c. Make sure that the patient is warm and comfortable, and allow family members
to visit after you have completed the initial assessment.
8-17. THE EFFECTS OF ANESTHESIA
a. The effects of anesthesia tend to last well into the postoperative period.
Anesthetic agents may depress respiratory function, cardiac output, peristalsis and normal
functioning of the gastrointestinal tract, and may temporarily depress bladder tone and
(1) Effects on the respiratory system. Pulmonary efficiency is reduced,
increasing the possibility of postoperative pneumonia. Pneumonia is an inflammation of
the alveoli resulting from an infectious process or the presence of foreign material.
Pneumonia can occur postoperatively because of aspiration, infection, depressed cough
reflex, immobilization, dehydration, or increased secretions from anesthesia. Signs and
symptoms common to pneumonia are an elevated temperature, chills, cough producing
purulent or rusty sputum, dyspnea, and chest pain. The purposes of medical intervention
is to treat the underlying infection, maintain respiratory status, and prevent the spread of
(2) Effects on the cardiovascular system. Anesthesia may affect cardiac
output, thus increasing the possibility of unstable blood pressure. Shock is the reaction to
acute peripheral circulatory failure because of an alteration in circulatory control or to a
loss of circulating fluid.
(3) Effects on the urinary system. Anesthesia can cause urinary retention.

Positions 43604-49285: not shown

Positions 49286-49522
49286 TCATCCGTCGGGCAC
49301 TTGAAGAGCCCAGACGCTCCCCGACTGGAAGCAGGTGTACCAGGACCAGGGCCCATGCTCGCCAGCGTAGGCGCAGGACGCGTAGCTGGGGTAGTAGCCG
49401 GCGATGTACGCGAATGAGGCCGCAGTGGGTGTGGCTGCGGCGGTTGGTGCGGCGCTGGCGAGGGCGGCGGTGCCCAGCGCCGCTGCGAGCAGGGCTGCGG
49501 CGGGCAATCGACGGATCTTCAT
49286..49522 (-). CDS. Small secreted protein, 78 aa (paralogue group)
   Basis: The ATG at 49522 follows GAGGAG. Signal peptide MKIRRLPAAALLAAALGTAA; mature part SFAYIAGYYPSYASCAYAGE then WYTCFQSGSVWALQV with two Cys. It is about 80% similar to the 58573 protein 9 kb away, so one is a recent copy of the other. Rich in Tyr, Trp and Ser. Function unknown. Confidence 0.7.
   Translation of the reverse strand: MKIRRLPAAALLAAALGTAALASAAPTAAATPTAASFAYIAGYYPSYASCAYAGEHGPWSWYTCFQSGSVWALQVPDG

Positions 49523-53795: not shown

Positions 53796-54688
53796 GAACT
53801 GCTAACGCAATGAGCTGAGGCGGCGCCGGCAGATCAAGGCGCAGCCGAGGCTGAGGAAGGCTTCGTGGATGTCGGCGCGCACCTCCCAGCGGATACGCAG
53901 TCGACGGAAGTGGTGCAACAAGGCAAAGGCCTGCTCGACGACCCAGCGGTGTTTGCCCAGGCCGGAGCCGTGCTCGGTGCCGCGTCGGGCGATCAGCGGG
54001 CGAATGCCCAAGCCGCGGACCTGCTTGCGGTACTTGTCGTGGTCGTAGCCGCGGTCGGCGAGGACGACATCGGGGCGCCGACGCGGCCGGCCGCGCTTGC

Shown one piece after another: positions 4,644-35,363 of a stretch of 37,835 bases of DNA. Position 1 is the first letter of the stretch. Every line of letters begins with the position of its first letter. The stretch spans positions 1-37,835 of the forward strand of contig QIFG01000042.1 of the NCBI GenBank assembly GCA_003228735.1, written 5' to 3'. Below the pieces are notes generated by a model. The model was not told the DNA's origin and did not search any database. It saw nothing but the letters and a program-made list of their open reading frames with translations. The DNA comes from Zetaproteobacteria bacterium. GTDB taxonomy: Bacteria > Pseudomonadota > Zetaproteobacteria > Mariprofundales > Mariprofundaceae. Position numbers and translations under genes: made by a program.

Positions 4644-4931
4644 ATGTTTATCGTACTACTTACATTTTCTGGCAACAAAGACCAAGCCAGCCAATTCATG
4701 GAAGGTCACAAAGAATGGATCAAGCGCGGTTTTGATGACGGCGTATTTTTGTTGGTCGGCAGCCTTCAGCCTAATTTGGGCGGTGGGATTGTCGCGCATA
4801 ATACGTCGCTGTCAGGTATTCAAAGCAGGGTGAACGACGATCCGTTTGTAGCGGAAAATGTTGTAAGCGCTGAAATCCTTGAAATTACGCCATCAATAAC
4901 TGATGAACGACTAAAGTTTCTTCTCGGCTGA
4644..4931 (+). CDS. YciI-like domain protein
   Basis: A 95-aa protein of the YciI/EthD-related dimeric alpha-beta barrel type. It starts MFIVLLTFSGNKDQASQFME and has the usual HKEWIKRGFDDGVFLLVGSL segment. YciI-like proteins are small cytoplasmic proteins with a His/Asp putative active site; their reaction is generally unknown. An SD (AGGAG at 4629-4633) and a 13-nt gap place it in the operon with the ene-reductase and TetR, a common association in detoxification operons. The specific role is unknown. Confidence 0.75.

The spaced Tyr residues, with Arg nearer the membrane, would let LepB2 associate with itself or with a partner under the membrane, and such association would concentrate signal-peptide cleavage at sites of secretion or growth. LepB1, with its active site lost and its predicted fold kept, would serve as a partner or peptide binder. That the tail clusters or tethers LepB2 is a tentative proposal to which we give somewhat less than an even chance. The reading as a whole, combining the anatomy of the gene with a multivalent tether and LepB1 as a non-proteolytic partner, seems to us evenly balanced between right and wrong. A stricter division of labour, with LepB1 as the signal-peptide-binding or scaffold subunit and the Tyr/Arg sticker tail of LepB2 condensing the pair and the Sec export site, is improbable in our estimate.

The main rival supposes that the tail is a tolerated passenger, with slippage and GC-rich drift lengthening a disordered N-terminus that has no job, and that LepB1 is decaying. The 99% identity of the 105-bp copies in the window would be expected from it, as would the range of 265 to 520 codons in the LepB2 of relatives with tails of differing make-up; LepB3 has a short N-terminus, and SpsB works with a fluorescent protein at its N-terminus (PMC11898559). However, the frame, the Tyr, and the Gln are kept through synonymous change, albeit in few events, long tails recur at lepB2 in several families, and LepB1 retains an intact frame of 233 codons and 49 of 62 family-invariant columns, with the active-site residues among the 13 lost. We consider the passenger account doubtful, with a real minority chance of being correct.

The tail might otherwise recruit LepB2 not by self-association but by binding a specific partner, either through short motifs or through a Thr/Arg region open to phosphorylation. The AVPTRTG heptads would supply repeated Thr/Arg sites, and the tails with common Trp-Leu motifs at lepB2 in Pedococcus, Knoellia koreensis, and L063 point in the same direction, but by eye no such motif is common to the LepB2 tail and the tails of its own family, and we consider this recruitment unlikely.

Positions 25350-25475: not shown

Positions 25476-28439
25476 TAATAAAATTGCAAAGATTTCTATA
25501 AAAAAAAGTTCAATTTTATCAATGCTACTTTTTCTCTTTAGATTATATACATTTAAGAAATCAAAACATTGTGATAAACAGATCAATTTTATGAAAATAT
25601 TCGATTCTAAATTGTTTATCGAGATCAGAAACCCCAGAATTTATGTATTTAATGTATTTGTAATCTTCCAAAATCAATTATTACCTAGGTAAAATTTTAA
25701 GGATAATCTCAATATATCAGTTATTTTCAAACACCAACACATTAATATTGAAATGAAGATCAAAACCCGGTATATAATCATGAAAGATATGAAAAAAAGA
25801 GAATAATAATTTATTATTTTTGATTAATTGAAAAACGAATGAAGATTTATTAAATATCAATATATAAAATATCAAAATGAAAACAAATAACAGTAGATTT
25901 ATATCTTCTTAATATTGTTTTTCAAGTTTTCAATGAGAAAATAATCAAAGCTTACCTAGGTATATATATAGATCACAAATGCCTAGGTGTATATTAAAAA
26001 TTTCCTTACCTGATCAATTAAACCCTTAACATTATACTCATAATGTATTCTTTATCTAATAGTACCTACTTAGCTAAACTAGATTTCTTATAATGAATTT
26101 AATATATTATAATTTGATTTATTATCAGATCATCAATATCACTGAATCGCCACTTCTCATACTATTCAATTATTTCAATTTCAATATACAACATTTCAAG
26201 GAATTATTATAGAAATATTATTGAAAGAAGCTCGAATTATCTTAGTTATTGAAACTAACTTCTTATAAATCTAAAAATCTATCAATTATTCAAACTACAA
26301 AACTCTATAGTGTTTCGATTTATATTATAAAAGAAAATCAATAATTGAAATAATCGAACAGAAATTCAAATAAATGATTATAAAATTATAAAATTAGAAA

Decreased fluid intake can lead to dehydration. Assess urinary elimination status by
measuring intake and output. Offer the bedpan or urinal at regular intervals to promote
voiding. If catheter is present, monitor drainage.
(4) Effects on gastrointestinal system. Anesthesia slows or stops the
peristaltic action of the intestines resulting in constipation, abdominal distention, and
flatulence. Anesthesia may also cause nausea and vomiting resulting in a fluid imbalance.
Ordinarily, intravenous infusions are used while the patient takes nothing by mouth until
bowel sounds are heard upon auscultation. Observe the patient for abdominal distention.
Have the patient move about in bed and walk to help promote the movement and
expulsion of the flatus.
b. A wide variety of factors increase the risk of postoperative complications.
Comfort is often the priority for the patient following surgery. Nausea, vomiting, and other
effects of anesthesia cause alterations in comfort. The nursing care plan should include
activities to meet the patient's needs while helping him cope with these alterations.